London, Thursday, July 1st 1943 Issue No. 71
In this number of the of the Polish Forth-Nightly Review we give two protocols (A. and B.) of statements made by two Jewish women who in the Autumn of 1942 succeeded in escaping from Poland They had lived in Poland continually since the outbreak of the war, and consequently for three years were witnesses of the tragic situation of the Jews in Poland under the German occupation.
The stories speak for themselves, but it must be added that they do not give the full picture. For the anti-Jewish terror and mass murders were only beginning to mount to a climax of horror in the Autumn of 1942, when these witnesses left. Therefore they only deal with the preliminary phase of the mass extermination of which the world has been witness during the last few months.
Agony of the people condemned to death!
The day the war began I was in Katowice, one of the first towns to fall to the German conquest. In the first few days of the war my parents were left homeless. Flight proved useless, for Sosnowiec, to which we escaped was also besieged by the Germans. My parents took with them a large sum of money and jewelry, which enabled them to support the family. When the Germans proclaimed that Sosnowiec was "incorporated" with the Reich and began to persecute the Jews, my father went to Bendzin, where we remained until the middle of 1940.
Meantime my father heard from his cousin at the little spa of Busk that the situation there was not too bad and it would be worth while shifting to that place. In order to get there we had to cross the newly formed frontier line between the "Reich" and the "General Gouvernement." My father found a German acquaintance who for 1,000 zlotys conveyed us all together with our belongings and jewelry, across the frontier in a military car flying a swastika flag. Naturally, no one at the frontier ventured to look inside the car. Thus with my children I arrived as Busk.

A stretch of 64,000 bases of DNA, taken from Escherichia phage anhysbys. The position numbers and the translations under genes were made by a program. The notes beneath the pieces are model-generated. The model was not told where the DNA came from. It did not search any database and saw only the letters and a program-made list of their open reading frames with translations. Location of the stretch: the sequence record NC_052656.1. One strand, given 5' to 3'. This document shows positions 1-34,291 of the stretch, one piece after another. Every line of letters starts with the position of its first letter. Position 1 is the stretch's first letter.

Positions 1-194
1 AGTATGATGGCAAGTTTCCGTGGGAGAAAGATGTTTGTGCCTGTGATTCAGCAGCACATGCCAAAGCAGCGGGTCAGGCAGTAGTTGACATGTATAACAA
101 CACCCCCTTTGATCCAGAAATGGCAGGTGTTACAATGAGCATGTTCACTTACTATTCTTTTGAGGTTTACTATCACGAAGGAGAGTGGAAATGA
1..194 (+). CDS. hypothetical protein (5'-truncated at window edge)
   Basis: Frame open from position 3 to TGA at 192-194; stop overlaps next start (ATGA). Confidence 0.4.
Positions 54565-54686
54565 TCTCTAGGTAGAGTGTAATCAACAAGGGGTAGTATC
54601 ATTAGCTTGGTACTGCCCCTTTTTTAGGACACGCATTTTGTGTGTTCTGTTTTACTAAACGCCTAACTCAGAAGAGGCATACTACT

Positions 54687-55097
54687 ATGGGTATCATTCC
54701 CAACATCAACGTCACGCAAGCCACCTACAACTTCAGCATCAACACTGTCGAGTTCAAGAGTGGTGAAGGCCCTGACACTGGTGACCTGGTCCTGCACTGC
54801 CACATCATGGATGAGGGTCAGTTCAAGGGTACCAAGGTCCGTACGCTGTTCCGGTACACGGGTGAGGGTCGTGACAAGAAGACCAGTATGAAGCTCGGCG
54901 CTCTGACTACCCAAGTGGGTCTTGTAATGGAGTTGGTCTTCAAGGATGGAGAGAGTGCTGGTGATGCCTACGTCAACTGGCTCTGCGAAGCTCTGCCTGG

We lived in Busk until June, 1942, when the Germans began their terrible persecution of the Jews. But for the time being the situation was tolerable. Our worst experiences were being pillaged by German soldiers and members of the Gestapo and the forced labor instituted for the Jews. But the Jews managed to get through it one way or another.
Everyone in the town knew that the Germans took bribes. The representative of the Jewish population was the former chairman of the town's Jewish community. He was given the position of Hauptmann and became director of all the Jewish councils in the entire district of of Busk in Chmielnik, Dzialoszyce, Pinczow, Wislica, Pacanow, Nowy Czorsztyn, Staszew, Stopnica and other places. He had a· special office in Busk, where he was visited by the members of the various Jewish councils, and he acted as the intermediary to settle all questions with the Landrat and his assistants. I remember him one day feverishly searching for a woman's caraculs coat, which one of the German officials wanted to take with him when he went on holiday to Germany.
The Landrat did not intervene at all in Jewish questions. A special department of the Gestapo, and the Sonderdienst; which consisted of S.S. men, issued all regulations concerning forced labor. The regulations came to the Jewish Council, at the head of which was the grey-haired shopkeeper (name withheld). The council consisted of twelve members. We knew three Gestapo officials: Lieutenant Weiss, Dietrich, and another whose Christian name was Hans (I can't recall his surname). This last man was the greatest rogue of all the three. In addition, the head of the Sonderdienst was the gendarme Schwenker. The Gestapo-men and gendarmes I have mentioned were regularly engaged in despoiling the Jews, usually accompanying their acts with a ruthless flogging.